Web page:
What’s more, the prose is as clean and clear as any ever written, but graced with a poet’s touch. Watson sure knows her way around a touching metaphor and a well-placed image. I can’t imagine a family I wouldn’t happily give this book to in a heartbeat.

Most recently, I picked up another newish YA, My Eyes Are Up Here. Again, a much longer review here. Suffice to say, that this “light hearted” YA read is so well done that it’s in a class by itself. Greer is 32H young woman who hides her body (and her suffering) in huge t-shirts until a new friend, a volleyball team, two kick ass teachers, an old friend, a kleptomaniac-little sister, and one really sweet boy turn hiding into something she doesn’t want to do anymore. The entire cast is lifelike and believable, the character’s interior monologue is hyper-realistic, and (spoiler) romance is NOT the thing that “saves” Greer from herself. All around a winning title that will be easy to suggest to many teens.

A Pandemic Twitter Thread, Unrolled

[tl;dr — What started as musing about what on earth we’ve done with all this pandemic-time ended up leading me to a startling conclusion about universal basic income–something I’ve sort of poo-poohed before, not because I didn’t think it was great, but because I didn’t think it was possible.]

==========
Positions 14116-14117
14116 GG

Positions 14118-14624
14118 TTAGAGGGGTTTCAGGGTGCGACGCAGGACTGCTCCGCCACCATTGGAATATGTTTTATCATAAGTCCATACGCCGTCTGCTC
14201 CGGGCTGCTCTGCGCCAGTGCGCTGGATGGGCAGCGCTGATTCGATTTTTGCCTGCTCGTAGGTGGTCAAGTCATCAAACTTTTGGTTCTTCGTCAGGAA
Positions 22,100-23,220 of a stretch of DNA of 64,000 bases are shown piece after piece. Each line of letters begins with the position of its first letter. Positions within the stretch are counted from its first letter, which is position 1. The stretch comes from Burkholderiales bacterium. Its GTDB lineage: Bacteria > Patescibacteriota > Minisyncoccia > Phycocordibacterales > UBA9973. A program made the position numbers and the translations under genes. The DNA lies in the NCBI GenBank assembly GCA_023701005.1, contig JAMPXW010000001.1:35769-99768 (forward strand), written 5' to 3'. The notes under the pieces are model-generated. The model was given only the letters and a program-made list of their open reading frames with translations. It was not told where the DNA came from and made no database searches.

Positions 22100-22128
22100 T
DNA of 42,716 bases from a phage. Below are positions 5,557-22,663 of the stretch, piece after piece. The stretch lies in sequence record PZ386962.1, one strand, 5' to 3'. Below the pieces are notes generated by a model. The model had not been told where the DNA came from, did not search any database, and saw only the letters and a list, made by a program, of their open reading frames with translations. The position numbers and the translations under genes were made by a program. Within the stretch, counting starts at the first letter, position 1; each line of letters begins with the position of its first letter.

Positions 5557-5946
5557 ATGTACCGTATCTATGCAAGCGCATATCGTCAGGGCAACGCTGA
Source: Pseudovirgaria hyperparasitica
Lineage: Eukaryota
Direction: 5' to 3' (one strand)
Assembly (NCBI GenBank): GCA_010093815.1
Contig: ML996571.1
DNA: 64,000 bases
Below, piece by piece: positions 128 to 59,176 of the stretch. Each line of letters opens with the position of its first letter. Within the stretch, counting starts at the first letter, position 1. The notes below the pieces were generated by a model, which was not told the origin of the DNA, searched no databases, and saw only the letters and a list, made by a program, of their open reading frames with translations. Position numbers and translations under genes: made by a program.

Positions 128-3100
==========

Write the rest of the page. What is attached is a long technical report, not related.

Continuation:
Photo credit David Borger Germann

After watching THE BIG YEAR, my family & I started birding. This is a “small sort of accomplishment,” but then, this strange, suspended time has been full of exactly those kinds of things.


Photo Credit David Borger Germann

We are no experts. The migrations are happening and we are missing most of the “exciting” birds because we know next to nothing. But we don’t mind because we saw some orioles and a bluebird.



Photo credit David Borger Germann

We know where our goldfinches’ favorite trees are, we have a set of house finches and some dozen house sparrows & white-crowned sparrows and robins, a downy woodpecker, two blue-winged teals, and a zillion blackbirds of all varieties living in our neighborhood.

We have even discovered an enormous turtle who lives in the pond at the bottom of our creek, and we can spot his shadow when the wind is still.

Image  Image